Those cops at that Frome quarry found themselves quite literally between a rock and a hard place, because if they had’ve rushed in dozens of ‘frothing at the mouth’ journalists, would have been reaching for their laptops poised to write tomorrow’s ‘Bungling Bobbies….’ headline (once they’d loosened up their fingers and adjusted their swivel chairs of course).

A summary of my Hillsborough thoughts…

AlfieMoore_photoby_IdilSukan_shoutyBy the very nature of the business mistakes in policing are absolutely guaranteed. However the first rule that every wise old cop knows is: Never try to cover up your mistake and never ever EVER try to cover your mistake using a lie.

What is becoming clear is that is exactly what has happened with Hillsborough and it will continue to be a damaging scandal for many years to come.

My initial reaction is that it would be disrespectful for me to defend the Organisation considering that the families of the 96 finally had a positive result in the Coroner’s Court after 27 years trying. This should be their moment of victory – a brief respite to take comfort that there has at last been an official acknowledgement of unlawful activity before continuing their battle for justice.

I’m not going to defend the Organisation but I am going to defend the ordinary, honest, every day, working class cops and paramedics who went to work 27 years ago to help people and ended up in the middle of a tragedy that will haunt them for ever.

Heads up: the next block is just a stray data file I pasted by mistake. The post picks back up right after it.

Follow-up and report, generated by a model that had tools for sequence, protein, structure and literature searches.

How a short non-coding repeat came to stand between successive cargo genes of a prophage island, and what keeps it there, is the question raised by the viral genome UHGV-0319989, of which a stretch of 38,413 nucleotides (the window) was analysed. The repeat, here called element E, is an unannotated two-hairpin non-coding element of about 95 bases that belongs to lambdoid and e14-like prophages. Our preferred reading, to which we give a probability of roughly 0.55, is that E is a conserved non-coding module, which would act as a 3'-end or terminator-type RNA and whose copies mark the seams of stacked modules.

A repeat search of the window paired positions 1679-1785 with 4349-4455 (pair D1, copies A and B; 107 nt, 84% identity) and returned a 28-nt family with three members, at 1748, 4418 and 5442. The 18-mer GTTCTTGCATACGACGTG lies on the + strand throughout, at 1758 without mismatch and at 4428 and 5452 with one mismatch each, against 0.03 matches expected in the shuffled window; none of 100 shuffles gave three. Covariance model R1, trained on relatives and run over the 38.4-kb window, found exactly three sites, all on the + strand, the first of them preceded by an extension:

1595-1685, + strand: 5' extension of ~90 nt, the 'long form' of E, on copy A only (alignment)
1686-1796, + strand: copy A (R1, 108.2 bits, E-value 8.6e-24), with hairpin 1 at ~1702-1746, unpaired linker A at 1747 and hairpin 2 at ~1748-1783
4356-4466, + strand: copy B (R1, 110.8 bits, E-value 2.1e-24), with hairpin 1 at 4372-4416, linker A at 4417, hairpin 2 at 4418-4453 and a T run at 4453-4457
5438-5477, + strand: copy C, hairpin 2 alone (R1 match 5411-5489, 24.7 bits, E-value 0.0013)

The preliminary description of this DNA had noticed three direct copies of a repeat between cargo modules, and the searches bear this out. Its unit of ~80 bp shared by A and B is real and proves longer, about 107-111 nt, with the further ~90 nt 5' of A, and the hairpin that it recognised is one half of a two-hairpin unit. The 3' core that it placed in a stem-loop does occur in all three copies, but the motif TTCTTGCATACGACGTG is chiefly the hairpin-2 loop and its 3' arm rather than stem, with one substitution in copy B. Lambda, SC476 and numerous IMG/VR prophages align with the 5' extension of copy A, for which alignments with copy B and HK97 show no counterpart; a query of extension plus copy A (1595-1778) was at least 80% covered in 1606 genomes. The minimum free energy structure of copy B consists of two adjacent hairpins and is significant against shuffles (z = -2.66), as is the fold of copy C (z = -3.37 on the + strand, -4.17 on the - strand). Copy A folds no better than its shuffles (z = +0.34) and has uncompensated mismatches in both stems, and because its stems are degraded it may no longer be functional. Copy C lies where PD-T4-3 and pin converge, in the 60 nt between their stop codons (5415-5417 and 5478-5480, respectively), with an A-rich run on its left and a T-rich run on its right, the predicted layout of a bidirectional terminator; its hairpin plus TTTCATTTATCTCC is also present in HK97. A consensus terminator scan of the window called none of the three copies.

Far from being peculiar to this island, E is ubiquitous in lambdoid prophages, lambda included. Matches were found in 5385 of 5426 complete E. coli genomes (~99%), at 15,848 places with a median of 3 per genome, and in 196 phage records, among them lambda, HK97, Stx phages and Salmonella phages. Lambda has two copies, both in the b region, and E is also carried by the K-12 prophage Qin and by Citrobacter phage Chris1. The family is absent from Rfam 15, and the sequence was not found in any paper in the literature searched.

People starting accusations with, “all coppers are….” or “all coppers connected with Hillsborough are…” is the same type of shameful bigotry we see directed at minority groups all the time and it’s disrespectful, damaging and offensive to the thousands of good honest people that put themselves in the line of danger to keep us safe in our beds at night.

Let me be clear I’m not defending the Organisation’s lack of integrity in respect of Hillsborough. I am, in fact, absolutely blaming the Organisation – although I’m certainly not singling out South Yorkshire Police. I am blaming the UK Police Organisation of 1989 for promoting an internal culture of fear, bullying and intimidation that punished mistakes rather than one that promoted a culture which supported and rewarded openness and honesty.

‘Bad culture’ is like a festering sore that becomes infected and spreads through an organisation like a contagious disease. However, the source of the infection doesn’t spread from the bottom upwards – rather it spreads and contaminates from the top downwards.

Sadly it’s becoming apparent that ‘bad culture’ still lingers on in some parts of policing and so people like me can’t just blame the ‘bad old days’. I really hope that we look beyond the all-purpose “lessons have been learnt” and other blah blah generic rhetoric. This thing really needs forensically unpicking with an openness and honesty that has been sadly lacking for 27 years.

One thing I’m convinced of is that cultural problems within the Police are absolutely the responsibility of the people at the top of the Organisation and the politicians above them.

I still passionately believe that we have the finest Criminal Justice System in the world and now, more than ever, we need to demonstrate that and restore Public confidence in the Police Service. Great leadership, demonstrating absolute integrity will be a good start.